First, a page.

moviepass dying

MoviePass had a near-death experience when they ran out of money last week. But after getting a quick $5 million loan to stay up and running, things somehow seem to have gotten far worse. Are we watching the death of the company play out before us in real time? Find out about the company’s latest problems below, including the fact that major upcoming releases won’t be appearing on its app.

Before we go any further, I want to give MoviePass credit for changing the game and providing an affordable way for people to start going to the movies again. Their contributions toward the greater good (read: allowing more people to go to the movies) should not be ignored. But at the same time, it seems as if the company is being run by a donkey in a three-piece suit, wandering through an office building and breaking more things every day. Here’s the latest batch of issues that have led us to wonder if we’re watching MoviePass dying before our very eyes.

The Fallout is Real

Some MoviePass subscribers are having trouble finding the newest Mission: Impossible movie listed at major theaters in their area.

MoviePass’s excuse is laughable. If you have time, give the whole thing a read – it actually goes as far as to ask its customers to do work on their behalf:

“Can’t find the movie you want to see on the app? Go to Twitter and let the studio behind it know. Want more e-ticketing theater options in your area, so that the movies you want to see peak less? Let your theater know you want them to partner with MoviePass.”

When did it become the customers’ job to try to convince studios and theaters to partner with MoviePass? Isn’t that, you know, something the company should be doing for themselves? (Yes. I’m going to answer my own question. Yes, it is.)

One of MoviePass’s most recent tweets apologizes to users for problems with the app’s check-in system:

On the app, the only screenings that are currently showing up are at MoviePass’s e-ticketing partners. We reached out to MoviePass to ask why their card-based check-in system isn’t functioning, considering that their recent SEC filing stated, “If the Company is unable to make required payments to its merchant and fulfillment processors, the merchant and fulfillment processors may cease processing payments for MoviePass, Inc. (“MoviePass”), which would cause a MoviePass service interruption.” Since there’s clearly a service interruption happening here, does this mean they’ve already run out of the $5 million they borrowed at the end of last week? The company has not responded to our request for comment.

The Meg Reviews

More Major Films Won’t Appear on the App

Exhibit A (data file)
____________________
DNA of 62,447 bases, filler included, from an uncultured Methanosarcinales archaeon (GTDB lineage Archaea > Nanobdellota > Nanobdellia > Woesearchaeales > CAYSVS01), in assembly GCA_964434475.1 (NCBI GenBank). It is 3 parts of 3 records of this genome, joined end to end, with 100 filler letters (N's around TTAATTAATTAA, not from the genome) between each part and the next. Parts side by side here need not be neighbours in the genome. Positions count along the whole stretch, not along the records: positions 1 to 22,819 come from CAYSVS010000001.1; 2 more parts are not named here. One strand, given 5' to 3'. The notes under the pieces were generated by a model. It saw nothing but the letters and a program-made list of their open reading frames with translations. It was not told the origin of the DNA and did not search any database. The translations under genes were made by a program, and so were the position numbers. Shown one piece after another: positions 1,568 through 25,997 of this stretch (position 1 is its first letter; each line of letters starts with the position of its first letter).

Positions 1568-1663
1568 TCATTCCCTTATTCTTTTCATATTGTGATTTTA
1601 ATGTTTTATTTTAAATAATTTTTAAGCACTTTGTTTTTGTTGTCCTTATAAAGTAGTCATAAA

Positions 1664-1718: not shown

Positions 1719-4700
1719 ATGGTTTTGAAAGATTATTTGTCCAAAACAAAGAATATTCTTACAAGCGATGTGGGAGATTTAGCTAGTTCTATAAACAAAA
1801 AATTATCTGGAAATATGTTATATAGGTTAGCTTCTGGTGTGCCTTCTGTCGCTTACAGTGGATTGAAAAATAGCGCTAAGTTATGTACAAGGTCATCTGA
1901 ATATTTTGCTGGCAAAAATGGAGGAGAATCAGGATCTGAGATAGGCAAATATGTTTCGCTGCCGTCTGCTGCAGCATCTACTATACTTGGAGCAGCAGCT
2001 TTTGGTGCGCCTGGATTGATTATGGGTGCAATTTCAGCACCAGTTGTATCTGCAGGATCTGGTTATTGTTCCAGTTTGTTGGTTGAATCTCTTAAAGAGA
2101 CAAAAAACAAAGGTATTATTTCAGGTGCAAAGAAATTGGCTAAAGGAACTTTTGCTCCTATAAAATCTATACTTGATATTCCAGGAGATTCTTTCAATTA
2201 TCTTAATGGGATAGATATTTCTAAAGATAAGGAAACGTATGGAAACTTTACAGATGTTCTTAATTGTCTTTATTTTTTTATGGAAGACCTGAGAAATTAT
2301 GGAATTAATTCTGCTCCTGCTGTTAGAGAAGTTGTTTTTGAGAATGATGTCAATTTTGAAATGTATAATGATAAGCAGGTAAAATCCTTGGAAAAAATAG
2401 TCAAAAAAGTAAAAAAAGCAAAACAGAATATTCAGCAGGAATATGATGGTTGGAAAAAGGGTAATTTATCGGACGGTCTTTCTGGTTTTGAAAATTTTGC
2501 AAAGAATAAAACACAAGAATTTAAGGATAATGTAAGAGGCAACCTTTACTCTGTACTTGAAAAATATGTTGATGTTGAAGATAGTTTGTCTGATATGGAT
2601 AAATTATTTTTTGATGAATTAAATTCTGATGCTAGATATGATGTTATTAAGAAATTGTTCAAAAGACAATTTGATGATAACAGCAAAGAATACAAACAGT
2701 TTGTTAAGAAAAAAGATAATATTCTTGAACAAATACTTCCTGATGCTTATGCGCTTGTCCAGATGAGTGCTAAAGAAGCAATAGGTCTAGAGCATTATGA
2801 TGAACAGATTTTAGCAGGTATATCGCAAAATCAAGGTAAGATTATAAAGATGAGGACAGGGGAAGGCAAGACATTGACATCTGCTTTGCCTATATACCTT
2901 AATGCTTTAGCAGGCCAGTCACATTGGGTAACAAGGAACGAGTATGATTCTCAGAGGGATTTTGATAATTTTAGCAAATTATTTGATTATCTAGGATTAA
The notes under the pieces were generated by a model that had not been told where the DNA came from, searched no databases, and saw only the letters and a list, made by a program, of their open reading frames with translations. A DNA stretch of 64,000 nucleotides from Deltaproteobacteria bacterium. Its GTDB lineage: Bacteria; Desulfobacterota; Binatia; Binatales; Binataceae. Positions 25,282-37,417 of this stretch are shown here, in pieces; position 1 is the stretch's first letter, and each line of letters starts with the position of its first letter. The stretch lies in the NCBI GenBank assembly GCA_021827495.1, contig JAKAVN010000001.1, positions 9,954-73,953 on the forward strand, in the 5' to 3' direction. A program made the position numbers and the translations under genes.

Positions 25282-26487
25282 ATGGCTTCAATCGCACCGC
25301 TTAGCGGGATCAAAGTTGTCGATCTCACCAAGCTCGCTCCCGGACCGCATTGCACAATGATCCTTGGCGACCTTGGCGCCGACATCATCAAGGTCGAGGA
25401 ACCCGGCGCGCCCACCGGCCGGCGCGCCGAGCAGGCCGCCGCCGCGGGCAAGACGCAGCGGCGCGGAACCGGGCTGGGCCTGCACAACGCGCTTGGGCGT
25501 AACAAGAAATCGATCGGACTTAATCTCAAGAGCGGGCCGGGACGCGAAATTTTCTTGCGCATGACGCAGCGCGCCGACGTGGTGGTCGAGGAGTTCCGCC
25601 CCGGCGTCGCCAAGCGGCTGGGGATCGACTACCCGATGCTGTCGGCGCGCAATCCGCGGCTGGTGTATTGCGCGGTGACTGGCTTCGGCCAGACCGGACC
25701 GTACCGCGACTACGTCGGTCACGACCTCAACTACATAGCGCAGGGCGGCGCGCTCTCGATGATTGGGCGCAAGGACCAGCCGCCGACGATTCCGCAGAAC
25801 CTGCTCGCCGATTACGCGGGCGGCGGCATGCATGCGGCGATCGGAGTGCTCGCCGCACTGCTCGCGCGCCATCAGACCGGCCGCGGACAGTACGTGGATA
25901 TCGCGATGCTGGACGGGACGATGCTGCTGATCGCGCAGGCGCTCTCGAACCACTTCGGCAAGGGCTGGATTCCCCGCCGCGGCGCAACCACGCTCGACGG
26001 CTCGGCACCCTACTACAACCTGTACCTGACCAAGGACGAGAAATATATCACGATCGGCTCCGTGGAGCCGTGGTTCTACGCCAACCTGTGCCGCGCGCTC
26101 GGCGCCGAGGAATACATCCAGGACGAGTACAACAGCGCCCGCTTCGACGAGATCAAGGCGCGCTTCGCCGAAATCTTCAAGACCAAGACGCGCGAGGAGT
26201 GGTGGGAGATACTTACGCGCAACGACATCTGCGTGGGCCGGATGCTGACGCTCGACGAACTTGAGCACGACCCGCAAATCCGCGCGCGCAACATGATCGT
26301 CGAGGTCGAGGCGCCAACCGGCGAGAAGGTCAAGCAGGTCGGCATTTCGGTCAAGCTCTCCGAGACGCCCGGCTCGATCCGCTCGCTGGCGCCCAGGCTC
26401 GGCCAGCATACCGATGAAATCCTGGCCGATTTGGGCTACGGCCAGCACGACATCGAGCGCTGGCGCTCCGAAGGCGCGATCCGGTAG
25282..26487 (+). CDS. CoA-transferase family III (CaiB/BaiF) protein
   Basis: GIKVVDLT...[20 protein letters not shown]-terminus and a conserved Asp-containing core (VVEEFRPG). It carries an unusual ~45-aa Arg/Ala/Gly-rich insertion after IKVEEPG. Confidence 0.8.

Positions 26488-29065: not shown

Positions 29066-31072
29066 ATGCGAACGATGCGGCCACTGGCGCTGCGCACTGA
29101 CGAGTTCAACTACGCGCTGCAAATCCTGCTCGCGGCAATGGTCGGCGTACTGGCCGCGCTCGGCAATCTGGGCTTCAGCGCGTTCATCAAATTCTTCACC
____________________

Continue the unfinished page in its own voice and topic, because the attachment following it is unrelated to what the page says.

According to BusinessInsider, CEO Mitch Lowe told employees at an all-hands meeting today that “the app would not make upcoming releases Christopher Robin and The Meg — the next two major releases hitting theaters in the next two weeks — available to its subscribers, and he implied the practice of not offering tickets to major movies would continue for the foreseeable future.”

On the company’s official site, Lowe wrote a letter to customers which included the following message: “As we continue to evolve the service, certain movies may not always be available in every theater on our platform.” That’s not exactly the vote of confidence you want to hear if you’re a subscriber.

Twitter user @StitchKingdom points out that MoviePass’s current e-ticket partners are far fewer than the wider number they were initially serving:

I called the National Association of Theater Owners myself and confirmed that there are 5,803 theaters in the United States, but I couldn’t get confirmation about the number of e-ticket capable theaters or how many are supported by MoviePass.

And as FilmSchoolRejects points out, attendance was down for Fallout over the weekend; while the film performed well financially, the number of people who saw it during opening weekend is actually among the smallest turnouts of the entire franchise. While we can’t say for certain, it seems as if MoviePass’s ongoing issues may have contributed to that.

Another Stock Drop

This morning, veteran entertainment industry journalist David Poland tweeted that MoviePass’ stock has taken another precipitous drop:

Deadline had more specifics, explaining that the stock of Helios & Matheson Analytics, MoviePass’s parent company, dropped a staggering 60% today, closing at 80 cents per share. “In just five trading sessions,” Deadline says, “it has lost more than 95% of its value.” Ouch.

This has left some people wondering if Helios & Matheson is going to be delisted from the Nasdaq, but that appears to be unlikely – at least in the short term:

Meanwhile, MoviePass is blaming their problems on “technical issues” and they’ve refused to reimburse at least one customer due to their own outages:

All of this adds up to even more headaches for the movie ticket subscription service. My guess about how all of this plays out is that MoviePass won’t simply disappear, but instead will revamp its services dramatically and lose a huge percentage of its subscriber base in the process. They’ve been harvesting data from its three million subscribers, and as far as I can tell, they haven’t sold that information off to anyone yet; that’s where the real money is for them. As always, we’ll keep you apprised of any major updates as the company staggers forward.

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